Friday, November 16, 2012

Tree Rings

At lunch today, my friend P and I were talking about all the places we'd like to visit someday.

We both agreed that there are a lot of places in the U.S. that we want to see before we go overseas. P just got back from a trip down South with one of her grown sons. While driving back, he asked her to name the top five places she wanted to see.

"The Mississippi River," she said, off the top of her head.

"What?!" he exclaimed. He couldn't believe this was her first choice. But she wants to sail down the river, not just see it.

"South Dakota, to see Mt. Rushmore," she said, giving him her second choice.

"You want to go to South Dakota just to see Mt. Rushmore?" he asked.

"Yup, just to see Mt. Rushmore," she said.

"What about the Grand Canyon?" he asked.

"Yeah, that's up there. But not top five. The redwoods forest," she said, her third choice. "I want to see the trees that are big enough for cars to drive through."

He doesn't get it.

I agree with Mt. Rushmore. But I have no burning desire to see the Mississippi River. If I happen to cross it sometime, great.

But I'm not going out and looking for it.
When she spoke of the redwoods forest, it reminded me of something that happened on my honeymoon with the Man.


We spent our honeymoon driving around the state of Washington. We meandered for two weeks around the state - starting in Seattle, driving the Olympic peninsula, crossing the Strait of Juan de Fuca to visit Victoria, BC, and then west and south along the Pacific coastline.

Lots of time in the car.

Looking at lots of very. big. trees.

So one day we're driving through a national forest, surrounded by trees that were {very} very old. Trees you could drive your car through.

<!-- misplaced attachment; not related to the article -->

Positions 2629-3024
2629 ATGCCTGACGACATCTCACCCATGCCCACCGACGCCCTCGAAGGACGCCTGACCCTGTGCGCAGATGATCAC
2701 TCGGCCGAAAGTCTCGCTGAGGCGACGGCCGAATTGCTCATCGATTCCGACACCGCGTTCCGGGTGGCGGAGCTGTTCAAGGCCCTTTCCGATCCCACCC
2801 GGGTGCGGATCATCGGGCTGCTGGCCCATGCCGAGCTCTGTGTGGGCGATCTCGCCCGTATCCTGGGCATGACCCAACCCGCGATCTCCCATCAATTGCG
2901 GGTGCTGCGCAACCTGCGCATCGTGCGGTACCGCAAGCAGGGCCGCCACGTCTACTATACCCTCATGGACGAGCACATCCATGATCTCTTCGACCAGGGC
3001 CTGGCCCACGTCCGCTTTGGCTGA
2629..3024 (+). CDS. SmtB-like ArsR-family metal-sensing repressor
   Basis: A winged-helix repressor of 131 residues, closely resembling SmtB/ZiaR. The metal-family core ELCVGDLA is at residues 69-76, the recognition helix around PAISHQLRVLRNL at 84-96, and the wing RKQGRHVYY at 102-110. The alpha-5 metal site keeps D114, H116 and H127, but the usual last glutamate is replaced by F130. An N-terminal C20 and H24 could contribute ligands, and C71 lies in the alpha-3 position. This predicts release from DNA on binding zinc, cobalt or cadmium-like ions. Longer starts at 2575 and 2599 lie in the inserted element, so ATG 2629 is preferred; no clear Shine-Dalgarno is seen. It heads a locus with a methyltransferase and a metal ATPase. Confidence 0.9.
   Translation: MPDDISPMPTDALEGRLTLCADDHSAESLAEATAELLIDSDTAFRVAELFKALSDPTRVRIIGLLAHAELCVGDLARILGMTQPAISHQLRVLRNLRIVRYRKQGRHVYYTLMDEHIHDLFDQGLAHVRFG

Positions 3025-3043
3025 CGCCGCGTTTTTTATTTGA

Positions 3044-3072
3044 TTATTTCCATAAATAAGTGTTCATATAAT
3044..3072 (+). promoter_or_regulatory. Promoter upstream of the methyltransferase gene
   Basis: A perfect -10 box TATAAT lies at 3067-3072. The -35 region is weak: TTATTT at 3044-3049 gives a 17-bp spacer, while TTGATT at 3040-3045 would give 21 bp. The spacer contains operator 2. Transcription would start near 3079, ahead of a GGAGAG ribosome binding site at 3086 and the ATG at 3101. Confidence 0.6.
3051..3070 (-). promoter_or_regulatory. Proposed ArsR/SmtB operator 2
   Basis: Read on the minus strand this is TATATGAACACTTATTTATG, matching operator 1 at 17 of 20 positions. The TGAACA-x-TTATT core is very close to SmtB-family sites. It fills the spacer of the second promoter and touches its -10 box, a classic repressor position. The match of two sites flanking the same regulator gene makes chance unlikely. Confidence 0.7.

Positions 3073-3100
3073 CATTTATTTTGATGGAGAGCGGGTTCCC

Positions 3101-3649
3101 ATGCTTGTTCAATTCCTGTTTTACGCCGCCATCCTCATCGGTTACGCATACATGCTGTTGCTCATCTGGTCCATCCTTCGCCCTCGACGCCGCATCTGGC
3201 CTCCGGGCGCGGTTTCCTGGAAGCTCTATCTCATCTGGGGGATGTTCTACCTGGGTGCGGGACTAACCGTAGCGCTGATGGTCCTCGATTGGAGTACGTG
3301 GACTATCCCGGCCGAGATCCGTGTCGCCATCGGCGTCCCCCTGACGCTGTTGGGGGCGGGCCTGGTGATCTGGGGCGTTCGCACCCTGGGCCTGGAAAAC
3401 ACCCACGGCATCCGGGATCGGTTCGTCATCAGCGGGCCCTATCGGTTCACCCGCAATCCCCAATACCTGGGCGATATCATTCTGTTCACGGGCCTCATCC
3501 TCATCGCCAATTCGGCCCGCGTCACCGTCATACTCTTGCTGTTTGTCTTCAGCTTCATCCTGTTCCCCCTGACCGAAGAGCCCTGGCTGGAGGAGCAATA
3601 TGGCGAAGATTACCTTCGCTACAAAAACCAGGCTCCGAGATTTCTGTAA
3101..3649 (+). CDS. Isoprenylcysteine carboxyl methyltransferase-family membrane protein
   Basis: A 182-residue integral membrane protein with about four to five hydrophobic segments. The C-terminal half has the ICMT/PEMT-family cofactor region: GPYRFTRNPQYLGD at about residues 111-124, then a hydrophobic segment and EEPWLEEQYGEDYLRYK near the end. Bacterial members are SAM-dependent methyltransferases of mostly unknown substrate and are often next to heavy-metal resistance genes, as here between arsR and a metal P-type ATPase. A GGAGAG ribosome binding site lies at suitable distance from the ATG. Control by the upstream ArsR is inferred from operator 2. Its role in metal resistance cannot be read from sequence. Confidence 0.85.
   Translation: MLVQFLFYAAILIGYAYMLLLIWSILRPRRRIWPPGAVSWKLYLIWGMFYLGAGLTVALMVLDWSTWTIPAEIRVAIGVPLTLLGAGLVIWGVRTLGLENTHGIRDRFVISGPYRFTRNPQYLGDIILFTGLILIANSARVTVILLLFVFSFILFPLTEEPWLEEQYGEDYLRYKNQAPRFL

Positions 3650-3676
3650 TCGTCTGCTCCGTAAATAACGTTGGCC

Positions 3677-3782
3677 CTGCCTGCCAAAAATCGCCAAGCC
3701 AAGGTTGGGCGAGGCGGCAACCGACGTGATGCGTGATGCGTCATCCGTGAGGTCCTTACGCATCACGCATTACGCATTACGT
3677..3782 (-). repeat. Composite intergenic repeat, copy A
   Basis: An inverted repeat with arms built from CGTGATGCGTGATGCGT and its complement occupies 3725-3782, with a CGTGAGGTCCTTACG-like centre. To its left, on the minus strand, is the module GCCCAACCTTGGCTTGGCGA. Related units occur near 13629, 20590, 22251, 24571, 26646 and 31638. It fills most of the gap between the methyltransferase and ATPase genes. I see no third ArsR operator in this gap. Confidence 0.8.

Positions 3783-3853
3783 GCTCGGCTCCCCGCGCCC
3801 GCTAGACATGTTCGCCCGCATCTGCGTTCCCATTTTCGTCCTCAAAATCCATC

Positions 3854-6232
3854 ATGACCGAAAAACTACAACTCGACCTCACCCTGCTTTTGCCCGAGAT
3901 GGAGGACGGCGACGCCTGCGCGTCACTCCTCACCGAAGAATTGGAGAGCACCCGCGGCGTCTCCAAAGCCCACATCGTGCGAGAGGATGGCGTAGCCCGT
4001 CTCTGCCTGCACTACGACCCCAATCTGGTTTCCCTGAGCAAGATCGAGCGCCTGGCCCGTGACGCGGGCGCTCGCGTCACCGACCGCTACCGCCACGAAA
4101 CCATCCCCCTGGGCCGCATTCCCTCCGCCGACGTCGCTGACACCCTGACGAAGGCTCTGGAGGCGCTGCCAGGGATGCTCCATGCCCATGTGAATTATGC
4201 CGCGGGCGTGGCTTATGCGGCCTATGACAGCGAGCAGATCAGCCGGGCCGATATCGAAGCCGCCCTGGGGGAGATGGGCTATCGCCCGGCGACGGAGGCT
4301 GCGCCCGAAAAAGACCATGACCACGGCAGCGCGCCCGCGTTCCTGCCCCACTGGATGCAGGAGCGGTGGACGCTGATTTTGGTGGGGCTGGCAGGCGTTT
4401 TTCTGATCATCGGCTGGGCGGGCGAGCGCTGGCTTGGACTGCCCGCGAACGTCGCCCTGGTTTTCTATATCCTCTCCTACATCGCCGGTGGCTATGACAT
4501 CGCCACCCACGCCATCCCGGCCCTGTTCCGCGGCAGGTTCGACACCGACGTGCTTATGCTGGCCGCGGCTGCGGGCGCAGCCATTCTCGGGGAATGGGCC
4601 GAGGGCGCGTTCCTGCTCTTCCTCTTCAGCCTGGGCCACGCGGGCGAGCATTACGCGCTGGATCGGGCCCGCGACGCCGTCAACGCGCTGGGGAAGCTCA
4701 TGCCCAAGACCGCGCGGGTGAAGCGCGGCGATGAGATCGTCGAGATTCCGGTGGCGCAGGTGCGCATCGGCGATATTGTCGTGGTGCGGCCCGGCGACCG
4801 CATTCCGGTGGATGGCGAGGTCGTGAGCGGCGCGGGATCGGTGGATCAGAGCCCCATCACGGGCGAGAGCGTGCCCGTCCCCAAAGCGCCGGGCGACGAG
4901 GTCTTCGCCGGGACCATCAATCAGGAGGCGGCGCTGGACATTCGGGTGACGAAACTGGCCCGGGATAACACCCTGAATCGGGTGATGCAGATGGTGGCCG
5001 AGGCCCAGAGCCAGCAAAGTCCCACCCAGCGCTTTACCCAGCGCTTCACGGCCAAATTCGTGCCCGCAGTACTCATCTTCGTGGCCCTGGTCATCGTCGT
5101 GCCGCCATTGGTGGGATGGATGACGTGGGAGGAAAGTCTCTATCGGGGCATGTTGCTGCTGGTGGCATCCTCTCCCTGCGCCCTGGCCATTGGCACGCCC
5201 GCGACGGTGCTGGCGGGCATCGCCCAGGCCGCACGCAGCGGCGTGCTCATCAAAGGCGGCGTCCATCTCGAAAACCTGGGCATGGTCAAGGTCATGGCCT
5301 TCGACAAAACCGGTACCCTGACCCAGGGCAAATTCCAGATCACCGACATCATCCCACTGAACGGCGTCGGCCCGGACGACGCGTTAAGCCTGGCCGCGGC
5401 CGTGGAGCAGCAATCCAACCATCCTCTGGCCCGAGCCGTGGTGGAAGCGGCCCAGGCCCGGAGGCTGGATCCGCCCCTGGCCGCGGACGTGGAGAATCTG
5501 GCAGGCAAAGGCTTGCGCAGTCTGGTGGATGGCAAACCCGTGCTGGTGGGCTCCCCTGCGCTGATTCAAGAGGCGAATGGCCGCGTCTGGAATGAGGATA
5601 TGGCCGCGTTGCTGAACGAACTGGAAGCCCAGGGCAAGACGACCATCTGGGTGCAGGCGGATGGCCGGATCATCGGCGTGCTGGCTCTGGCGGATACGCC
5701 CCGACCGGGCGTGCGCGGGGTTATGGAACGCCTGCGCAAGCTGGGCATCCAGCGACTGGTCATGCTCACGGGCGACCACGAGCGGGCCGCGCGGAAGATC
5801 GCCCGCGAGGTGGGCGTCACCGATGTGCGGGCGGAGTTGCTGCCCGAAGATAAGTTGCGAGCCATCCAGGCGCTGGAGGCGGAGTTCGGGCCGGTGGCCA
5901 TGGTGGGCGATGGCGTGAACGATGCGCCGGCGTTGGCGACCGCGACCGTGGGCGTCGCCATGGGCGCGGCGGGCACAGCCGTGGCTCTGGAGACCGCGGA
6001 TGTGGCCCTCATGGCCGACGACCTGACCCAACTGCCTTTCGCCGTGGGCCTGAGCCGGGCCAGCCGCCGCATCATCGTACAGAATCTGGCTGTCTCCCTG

But it was a little lot of bit spooky. Everything was prehistoric-size. And not a lot of sun penetrated through the millions and millions of leaves. It was very gloomy. Like something out of a B-grade horror movie.

I got a little nervous, being that we were the only car on the dark, gloomy road with huge trees above us and around us. 

So I started playing with my diamond engagement ring. Pulling it off and putting it back on. Pulling it off and putting it back on. Off and on. Off and on. Off and on.

The Man looked at me and told me to stop playing with my ring or I'd end up losing it.

But I couldn't stop. Off and on. Off and on. Off and on.

Kerplink. I dropped it. It tumbled down, down, down, in between the seat and the middle console.


The Man slammed on the brakes, came around to my side of the car, and told me to get out. 

Oh no, he's going to kill me. And leave my body deep in these dark, dark woods. But no, he just wanted to take the seat out so he could find the ring. Which he did, tout de suite. 

He put it back on my finger and told me to LEAVE IT ALONE.

Okay, okay. I'll leave it alone.


It's amazing we're still married.

1 comment: